The US-based electric bus manufacturer Proterra has received an order for 10 all-electric Catalyst E2 transit buses and associated charging infrastructure, to be used at the Norman Y Mineta San José International Airport in California.
The decision by the San José City Council to purchase the plug-in electric Proterra buses was due to the company’s “sustainability, performance, and operational cost-savings excellence.”
Notably, this deployment will represent the first for Proterra’s buses at an airport in the San Francisco Bay Area once completed — which is, also of now, expected to occur in late 2018. The buses will be designed and built at Proterra’s Los Angeles County manufacturing plant.
“The addition of this all-electric bus fleet reflects SJC’s continued commitment to delivering a world-class passenger experience and advancing our community’s collective sustainability goals,” commented San José Mayor Sam Liccardo. “These electric buses can help us significantly reduce costs and greenhouse gas emissions, and represent a step towards our aspiration that an electric engine power every shuttle and bus on San Jose’s streets.”
The press release provides more: “With 12 million passengers annually, SJC currently provides on-site shuttle buses to transport passengers and luggage among the airport’s short- and long-term parking lots, consolidated rental car garage, and terminals, with a fleet of compressed natural gas (CNG) buses. Funded in part by a $3.8 million zero-emissions vehicle grant from the Federal Aviation Administration, the new Proterra battery-electric buses will replace these older CNG buses, resulting in the elimination 3.1 million pounds of greenhouse gas tailpipe emissions over the lifetime of these vehicles.”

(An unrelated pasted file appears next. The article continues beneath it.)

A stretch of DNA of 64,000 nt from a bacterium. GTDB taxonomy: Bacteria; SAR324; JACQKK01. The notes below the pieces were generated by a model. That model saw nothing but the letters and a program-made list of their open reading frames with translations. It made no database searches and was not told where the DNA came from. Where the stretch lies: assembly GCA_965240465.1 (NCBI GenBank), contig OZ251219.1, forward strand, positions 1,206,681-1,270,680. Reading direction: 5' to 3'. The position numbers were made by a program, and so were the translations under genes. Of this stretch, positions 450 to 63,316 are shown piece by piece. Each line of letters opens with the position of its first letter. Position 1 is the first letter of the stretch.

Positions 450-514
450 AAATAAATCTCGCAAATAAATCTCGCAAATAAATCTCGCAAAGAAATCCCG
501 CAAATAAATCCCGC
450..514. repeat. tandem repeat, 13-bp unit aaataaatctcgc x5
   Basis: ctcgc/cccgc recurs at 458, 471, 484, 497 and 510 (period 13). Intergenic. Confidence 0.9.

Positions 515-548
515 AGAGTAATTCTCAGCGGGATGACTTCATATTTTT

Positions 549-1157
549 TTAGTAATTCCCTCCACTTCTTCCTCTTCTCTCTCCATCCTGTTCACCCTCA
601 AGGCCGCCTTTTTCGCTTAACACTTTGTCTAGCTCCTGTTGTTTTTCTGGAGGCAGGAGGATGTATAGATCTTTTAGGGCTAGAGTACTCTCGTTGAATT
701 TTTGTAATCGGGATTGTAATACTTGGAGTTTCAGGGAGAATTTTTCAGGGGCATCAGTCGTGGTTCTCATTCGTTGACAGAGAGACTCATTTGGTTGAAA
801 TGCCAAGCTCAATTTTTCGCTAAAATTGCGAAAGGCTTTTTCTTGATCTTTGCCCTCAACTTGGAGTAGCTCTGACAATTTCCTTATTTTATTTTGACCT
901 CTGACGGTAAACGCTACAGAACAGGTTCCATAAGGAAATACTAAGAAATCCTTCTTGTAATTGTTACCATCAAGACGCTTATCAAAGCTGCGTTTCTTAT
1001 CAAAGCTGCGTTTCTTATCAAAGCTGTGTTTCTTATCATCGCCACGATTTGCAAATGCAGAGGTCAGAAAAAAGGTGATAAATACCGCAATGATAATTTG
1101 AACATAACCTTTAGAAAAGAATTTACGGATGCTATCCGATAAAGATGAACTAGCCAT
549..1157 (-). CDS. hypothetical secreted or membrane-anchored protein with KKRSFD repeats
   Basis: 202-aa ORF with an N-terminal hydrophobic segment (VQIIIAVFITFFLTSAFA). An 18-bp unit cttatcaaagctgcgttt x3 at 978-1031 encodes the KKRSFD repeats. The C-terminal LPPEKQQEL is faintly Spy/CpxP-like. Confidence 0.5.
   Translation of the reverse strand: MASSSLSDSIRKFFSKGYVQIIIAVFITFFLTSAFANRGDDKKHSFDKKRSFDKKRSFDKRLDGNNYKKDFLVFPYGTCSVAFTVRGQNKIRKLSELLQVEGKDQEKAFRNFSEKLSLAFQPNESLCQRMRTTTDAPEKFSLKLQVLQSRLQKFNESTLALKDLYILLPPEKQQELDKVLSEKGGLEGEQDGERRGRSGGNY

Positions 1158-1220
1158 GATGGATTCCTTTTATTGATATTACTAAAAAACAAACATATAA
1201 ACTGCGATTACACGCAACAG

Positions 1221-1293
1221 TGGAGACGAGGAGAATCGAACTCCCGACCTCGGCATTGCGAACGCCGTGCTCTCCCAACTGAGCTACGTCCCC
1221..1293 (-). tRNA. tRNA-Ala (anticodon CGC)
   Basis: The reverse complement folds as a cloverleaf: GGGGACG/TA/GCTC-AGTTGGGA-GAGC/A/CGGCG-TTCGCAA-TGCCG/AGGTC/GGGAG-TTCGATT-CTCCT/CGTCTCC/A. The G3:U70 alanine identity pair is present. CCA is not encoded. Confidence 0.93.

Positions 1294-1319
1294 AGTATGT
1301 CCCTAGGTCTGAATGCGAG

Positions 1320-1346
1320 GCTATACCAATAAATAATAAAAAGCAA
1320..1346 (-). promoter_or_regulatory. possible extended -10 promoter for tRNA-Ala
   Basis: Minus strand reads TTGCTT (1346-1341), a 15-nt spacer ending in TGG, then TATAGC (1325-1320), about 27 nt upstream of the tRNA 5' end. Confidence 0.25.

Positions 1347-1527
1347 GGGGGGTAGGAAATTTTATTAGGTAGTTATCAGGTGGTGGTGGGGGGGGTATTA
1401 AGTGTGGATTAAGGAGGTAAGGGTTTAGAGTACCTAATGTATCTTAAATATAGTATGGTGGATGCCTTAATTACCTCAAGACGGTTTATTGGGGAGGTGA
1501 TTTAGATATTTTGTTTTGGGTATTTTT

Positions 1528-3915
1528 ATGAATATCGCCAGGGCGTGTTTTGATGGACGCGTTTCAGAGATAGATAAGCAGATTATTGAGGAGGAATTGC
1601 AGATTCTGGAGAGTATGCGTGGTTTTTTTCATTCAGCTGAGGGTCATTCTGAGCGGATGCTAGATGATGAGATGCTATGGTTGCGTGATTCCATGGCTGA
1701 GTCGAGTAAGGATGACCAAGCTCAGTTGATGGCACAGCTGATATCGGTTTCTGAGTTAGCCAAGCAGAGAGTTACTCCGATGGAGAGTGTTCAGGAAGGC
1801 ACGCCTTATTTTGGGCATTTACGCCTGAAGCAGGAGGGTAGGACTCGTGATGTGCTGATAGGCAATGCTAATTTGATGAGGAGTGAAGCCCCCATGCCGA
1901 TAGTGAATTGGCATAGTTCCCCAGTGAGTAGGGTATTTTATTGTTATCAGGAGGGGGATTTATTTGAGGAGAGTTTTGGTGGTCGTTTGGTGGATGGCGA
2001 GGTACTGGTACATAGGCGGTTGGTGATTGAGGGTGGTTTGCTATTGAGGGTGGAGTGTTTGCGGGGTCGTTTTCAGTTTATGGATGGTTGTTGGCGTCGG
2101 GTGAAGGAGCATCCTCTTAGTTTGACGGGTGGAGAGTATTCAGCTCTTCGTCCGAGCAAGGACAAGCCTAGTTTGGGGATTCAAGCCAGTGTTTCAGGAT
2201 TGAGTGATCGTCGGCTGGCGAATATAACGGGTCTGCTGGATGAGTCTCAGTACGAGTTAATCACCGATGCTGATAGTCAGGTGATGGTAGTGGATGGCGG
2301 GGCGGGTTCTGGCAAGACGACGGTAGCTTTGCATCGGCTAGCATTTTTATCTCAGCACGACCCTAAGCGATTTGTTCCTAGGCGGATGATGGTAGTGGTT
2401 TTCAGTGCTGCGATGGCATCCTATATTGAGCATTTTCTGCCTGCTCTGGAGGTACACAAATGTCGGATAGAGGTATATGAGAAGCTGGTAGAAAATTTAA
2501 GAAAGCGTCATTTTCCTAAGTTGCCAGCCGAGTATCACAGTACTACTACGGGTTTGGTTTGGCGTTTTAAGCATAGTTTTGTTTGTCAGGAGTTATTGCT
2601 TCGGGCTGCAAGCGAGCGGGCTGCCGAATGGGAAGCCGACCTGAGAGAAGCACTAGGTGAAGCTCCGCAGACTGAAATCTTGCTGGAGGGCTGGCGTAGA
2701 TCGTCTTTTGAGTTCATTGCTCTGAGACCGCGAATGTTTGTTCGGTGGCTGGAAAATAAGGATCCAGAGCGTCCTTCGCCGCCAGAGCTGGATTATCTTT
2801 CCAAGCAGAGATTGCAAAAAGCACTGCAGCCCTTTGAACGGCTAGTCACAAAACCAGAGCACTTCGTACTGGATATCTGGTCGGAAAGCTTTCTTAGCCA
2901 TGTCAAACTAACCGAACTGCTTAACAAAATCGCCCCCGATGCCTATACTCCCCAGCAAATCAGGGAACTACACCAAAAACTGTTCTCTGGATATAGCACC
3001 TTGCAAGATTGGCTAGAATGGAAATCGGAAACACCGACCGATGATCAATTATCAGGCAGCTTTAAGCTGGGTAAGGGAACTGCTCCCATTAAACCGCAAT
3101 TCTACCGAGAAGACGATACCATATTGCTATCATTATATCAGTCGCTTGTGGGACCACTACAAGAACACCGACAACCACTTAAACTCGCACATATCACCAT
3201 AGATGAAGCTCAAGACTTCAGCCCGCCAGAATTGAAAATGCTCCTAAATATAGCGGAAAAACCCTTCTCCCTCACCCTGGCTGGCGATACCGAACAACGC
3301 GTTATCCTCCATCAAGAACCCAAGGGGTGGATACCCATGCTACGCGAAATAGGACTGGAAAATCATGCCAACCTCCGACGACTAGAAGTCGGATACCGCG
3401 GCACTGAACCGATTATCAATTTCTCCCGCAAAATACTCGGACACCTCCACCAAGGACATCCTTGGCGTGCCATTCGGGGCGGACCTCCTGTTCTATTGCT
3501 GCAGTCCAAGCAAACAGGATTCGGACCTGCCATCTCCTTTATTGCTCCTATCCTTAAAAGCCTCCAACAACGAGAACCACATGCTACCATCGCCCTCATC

Accompanying the emissions reduction benefits, the new all-electric buses will also allow the airport to substantially lower bus fleet operating costs — with the new buses expected to save the airport some $4 million over their 12-year lifetimes, thanks to reduced electricity/fuel costs and reduced maintenance costs.
This news follows on the San José International Airport’s earlier projects to install a 1 megawatt (MW) 3.4-acre solar PV system to power the rental car garage; roll out airside electric service vehicles; and introduce recycling and composting programs.
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